Quotes by "Alexander Pope"
Know then thyself, presume not God to scan, The proper study of mankind is Man. Placed on this isthmus of a middle state, A being darkly wise and rudely great: With too much knowledge for the Sceptic side, With too much weakness for the Stoic's pride, He hangs between, in doubt to act or rest; In doubt to deem himself a God or Beast; In doubt his mind or body to prefer; Born but to die, and reas'ning but to err; Alike in ignorance, his reason such, Whether he thinks too little or too much; Chaos of thought and passion, all confused; Still by himself abused or disabused; Created half to rise, and half to fall; Great lord of all things, yet a prey to all; Sole judge of truth, in endless error hurl'd; The glory, jest, and riddle of the world! Go, wondrous creature! mount where science guides, Go, measure earth, weigh air, and state the tides; Instruct the planets in what orbs to run, Correct old time, and regulate the sun; Go, soar with Plato to th’ empyreal sphere, To the first good, first perfect, and first fair; Or tread the mazy round his followers trod, And quitting sense call imitating God; As Eastern priests in giddy circles run, And turn their heads to imitate the sun. Go, teach Eternal Wisdom how to rule— Then drop into thyself, and be a fool!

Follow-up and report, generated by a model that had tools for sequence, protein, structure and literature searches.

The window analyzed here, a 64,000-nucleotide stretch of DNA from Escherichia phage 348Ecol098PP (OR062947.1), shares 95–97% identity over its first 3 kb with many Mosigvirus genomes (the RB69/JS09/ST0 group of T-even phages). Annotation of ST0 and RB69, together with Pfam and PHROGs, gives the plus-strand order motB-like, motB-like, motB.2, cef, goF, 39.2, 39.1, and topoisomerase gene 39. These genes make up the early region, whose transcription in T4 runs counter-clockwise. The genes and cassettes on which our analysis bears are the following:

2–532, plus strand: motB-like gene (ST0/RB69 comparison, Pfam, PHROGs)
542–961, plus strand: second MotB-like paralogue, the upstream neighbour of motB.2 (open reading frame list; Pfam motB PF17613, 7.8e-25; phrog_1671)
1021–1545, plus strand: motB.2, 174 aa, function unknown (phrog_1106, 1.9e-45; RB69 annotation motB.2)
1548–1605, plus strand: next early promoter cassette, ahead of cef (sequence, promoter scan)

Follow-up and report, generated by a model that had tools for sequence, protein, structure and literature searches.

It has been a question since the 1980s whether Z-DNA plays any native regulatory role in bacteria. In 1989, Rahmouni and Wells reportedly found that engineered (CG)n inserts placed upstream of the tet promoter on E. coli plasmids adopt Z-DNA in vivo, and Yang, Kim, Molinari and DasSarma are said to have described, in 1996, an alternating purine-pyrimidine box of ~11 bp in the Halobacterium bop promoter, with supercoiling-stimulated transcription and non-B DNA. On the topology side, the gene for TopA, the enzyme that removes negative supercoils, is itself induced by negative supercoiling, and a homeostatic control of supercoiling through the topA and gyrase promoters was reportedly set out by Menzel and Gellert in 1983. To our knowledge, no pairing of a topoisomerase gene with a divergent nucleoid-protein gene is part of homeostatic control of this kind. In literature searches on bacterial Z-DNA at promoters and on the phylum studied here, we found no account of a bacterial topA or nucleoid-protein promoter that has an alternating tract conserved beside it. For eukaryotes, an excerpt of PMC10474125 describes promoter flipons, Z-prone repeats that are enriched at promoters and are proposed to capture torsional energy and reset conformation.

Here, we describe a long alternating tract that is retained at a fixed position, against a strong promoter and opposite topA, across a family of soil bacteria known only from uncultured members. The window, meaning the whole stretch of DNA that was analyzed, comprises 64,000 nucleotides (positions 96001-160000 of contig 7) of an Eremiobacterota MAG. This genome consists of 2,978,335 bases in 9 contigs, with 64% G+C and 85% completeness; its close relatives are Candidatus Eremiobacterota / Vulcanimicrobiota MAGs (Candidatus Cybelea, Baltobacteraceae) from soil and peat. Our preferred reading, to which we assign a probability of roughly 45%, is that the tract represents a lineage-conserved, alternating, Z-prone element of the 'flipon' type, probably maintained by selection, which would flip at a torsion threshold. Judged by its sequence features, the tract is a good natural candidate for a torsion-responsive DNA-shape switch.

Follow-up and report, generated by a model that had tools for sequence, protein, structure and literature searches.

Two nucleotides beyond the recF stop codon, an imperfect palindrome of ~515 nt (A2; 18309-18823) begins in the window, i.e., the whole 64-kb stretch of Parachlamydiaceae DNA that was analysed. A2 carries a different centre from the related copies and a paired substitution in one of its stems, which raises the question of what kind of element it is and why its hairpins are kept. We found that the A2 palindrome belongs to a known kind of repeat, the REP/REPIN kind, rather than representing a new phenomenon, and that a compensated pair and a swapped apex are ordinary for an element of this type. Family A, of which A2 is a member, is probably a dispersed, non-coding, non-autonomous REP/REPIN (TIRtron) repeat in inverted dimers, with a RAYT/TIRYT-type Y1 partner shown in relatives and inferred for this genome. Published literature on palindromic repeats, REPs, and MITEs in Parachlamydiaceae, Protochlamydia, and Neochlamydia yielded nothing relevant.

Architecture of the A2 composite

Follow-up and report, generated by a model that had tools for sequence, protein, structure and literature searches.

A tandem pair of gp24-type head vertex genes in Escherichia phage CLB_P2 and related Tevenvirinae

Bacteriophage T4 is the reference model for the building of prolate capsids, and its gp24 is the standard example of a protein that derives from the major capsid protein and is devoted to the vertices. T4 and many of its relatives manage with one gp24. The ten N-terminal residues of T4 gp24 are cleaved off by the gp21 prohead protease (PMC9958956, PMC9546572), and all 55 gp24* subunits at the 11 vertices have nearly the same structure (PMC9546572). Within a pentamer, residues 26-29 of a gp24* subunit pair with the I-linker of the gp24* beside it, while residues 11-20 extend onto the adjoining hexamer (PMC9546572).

The Wit of Cheats, the Courage of a Whore, Are what ten thousand envy and adore: All, all look up, with reverential Awe, At crimes that 'scape, or triumph o'er the Law: While Truth, Worth, Wisdom, daily they decry-` 'Nothing is sacred now but Villainy' - Epilogue to the Satires, Dialogue I
Solitude Happy the man, whose wish and care A few paternal acres bound, Content to breathe his native air In his own ground. Whose herds with milk, whose fields with bread, Whose flocks supply him with attire; Whose trees in summer yield him shade, In winter fire. Blest, who can unconcern’dly find Hours, days, and years, slide soft away In health of body, peace of mind, Quiet by day. Sound sleep by night; study and ease Together mix’d, sweet recreation, And innocence, which most does please With meditation. Thus let me live, unseen, unknown; Thus unlamented let me die; Steal from the world, and not a stone Tell where I lie.